GENERAL FAQ'S

DRIVe is a new BARDA Division and stands for the "Division of Research, Innovation, and Ventures". It also represents the mindset of hyper focus, restless innovation, and entrepreneurial spirit at BARDA.

BARDA has been successful in developing and making available products that prevent, diagnose, and treat the illnesses and injuries caused by individual threat agents. In doing so, BARDA has found that systemic problems across most of the illnesses and injuries must also be resolved to save lives. DRIVe will solve problems that many health security threats have in common, systemic challenges, leveraging the flexibility provided to BARDA under the 21st Century Cures Act.

To infuse a new entrepreneurial spirit into biodefense, DRIVe draws the best in the field and the best in the business together to define the challenges. DRIVe accelerators across the country work like prospectors, identifying innovative potential solutions. We recognize that innovation can come from anyone anywhere in the U.S., or around the world, not just from Silicon Valley. DRIVe's nonprofit venture capital innovation partner will join other venture capitalists in funding development of the solution. Advanced development and manufacturing could be completed with support from BARDA through its portfolio partnerships, traditional contracts, or other transaction authority, through the innovation partner, or by private industry. Since many of the challenges DRIVe must solve for health security are also common problems in health care and biotechnology (examples: sepsis, detecting illness immediately), private investment is likely to further drive those solutions to the commercial market.

BARDA was created to fill gaps in medical countermeasure development and solve problems no one else could, for example, bringing new influenza vaccine technology to the market for pandemic preparedness, surge capability for medical countermeasure production in an emergency, and clarifying a path to product approval using animal models for CBRN products. We focus on innovative problem-solving with a shrewd approach to risk and the flexibility to craft win-win public-private partnerships; this focus has led to 35 FDA-approved products in 12 years, demonstrating unprecedented success. We also are drawing on lessons learned and recommendations from federal agencies like DARPA and the agencies involved in In-Q-Tel on working with venture capitalists. With a strategic investment and venture capital approach, the government actually takes on less risk than it would with a traditional development grant.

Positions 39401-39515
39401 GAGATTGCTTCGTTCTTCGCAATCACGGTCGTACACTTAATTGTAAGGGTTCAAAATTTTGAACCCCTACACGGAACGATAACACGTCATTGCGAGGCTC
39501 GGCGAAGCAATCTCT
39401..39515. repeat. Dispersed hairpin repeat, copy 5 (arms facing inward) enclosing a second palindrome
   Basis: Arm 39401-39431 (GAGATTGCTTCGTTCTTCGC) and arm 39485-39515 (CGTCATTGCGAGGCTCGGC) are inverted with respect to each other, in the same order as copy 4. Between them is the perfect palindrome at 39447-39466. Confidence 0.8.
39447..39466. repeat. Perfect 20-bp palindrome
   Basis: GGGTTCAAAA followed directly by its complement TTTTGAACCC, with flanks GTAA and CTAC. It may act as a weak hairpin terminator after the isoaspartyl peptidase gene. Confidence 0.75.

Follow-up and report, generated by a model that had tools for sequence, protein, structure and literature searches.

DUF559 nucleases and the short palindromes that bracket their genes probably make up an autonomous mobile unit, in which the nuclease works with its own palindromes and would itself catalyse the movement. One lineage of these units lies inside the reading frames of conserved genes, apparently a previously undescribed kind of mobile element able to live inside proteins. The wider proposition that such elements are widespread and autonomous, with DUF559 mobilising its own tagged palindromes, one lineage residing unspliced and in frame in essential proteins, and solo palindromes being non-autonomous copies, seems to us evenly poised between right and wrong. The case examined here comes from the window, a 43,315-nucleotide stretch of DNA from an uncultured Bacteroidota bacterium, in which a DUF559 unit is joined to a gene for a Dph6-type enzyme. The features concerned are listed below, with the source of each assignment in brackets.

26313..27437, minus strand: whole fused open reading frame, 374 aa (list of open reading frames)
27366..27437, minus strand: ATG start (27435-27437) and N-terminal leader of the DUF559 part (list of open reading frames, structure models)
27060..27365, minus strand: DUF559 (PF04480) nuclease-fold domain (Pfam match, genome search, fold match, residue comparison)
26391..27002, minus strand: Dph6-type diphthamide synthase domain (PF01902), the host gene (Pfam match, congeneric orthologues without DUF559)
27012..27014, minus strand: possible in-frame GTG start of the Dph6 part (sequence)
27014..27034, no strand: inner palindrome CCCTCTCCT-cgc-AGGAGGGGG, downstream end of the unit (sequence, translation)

We'll use every tool at our disposal: from flexible consortiums, agreements, and contracts to venture capital investments and prize challenges.

We'll use every tool at our disposal: from flexible consortiums, agreements, and contracts to venture capital investments and prize challenges.

We'll use every tool at our disposal: from flexible consortiums, agreements, and contracts to venture capital investments and prize challenges.



EZ BAA FAQ'S

These questions and answers are cross-posted on FedBizOps.


Now! You can submit an abstract after you request a portal account - full instructions are on our Partner page.

There is currently no limit to the number of abstracts that can be submitted by an offeror. Each abstract will be reviewed through the process. If the proposal is deemed Unacceptable, the offeror will have an opportunity to re-submit at a later date. It is recommended that an offeror submit only their best products for consideration with the potential to radically transform Health Security.

An institution is currently allowed to submit more than one abstract on behalf of investigators, or teams. There is currently no limit to the number of abstracts received by an offeror. It is recommended that an offeror submit only their best products for consideration with the potential to radically transform Health Security.

There is currently no limit to the number of institutions that may collaborate or partner together on a single abstract.

There is currently no limit to the allowed project period (period of performance); however, part of the evaluation includes the "Ability to transition technology and expand use of application", therefore communicating DRIVe team interest in seeing innovative ideas transition for follow-on investment outside the EZ- BAA This requires a realistic schedule, as well as realistic costs, and a transition strategy. Based on the $749,000 limit, we are expecting programs to be more pilot in concept than full development, however organizations may elect to leverage only limited Federal funds with a significant cost share contribution.

Reviews will likely include both USG personnel, internal and external consultants, and other reviewers as necessary to support the team. Due to procurement integrity we cannot discuss the specific makeup of reviewers.

DRIVe will not be managing such a list. However, all reviewers will be screened in advance for Conflict of Interests. If a prospective offeror believes a conflict of interest may exist, the situation shall be addressed with the Contracting Office via DRIVeContracting@hhs.gov prior to abstract submission.

Generally speaking, DRIVe anticipates that EZ-BAA awards will be short in duration. However, specific Period of Performance (POP) for awards vary by project proposed.

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DRIVe (Division of Research, Innovation, and Ventures) was established by the Biomedical Advanced Research and Development Authority (BARDA), part of the Assistant Secretary for Preparedness and Response (ASPR), within the United States Department of Health and Human Services (HHS).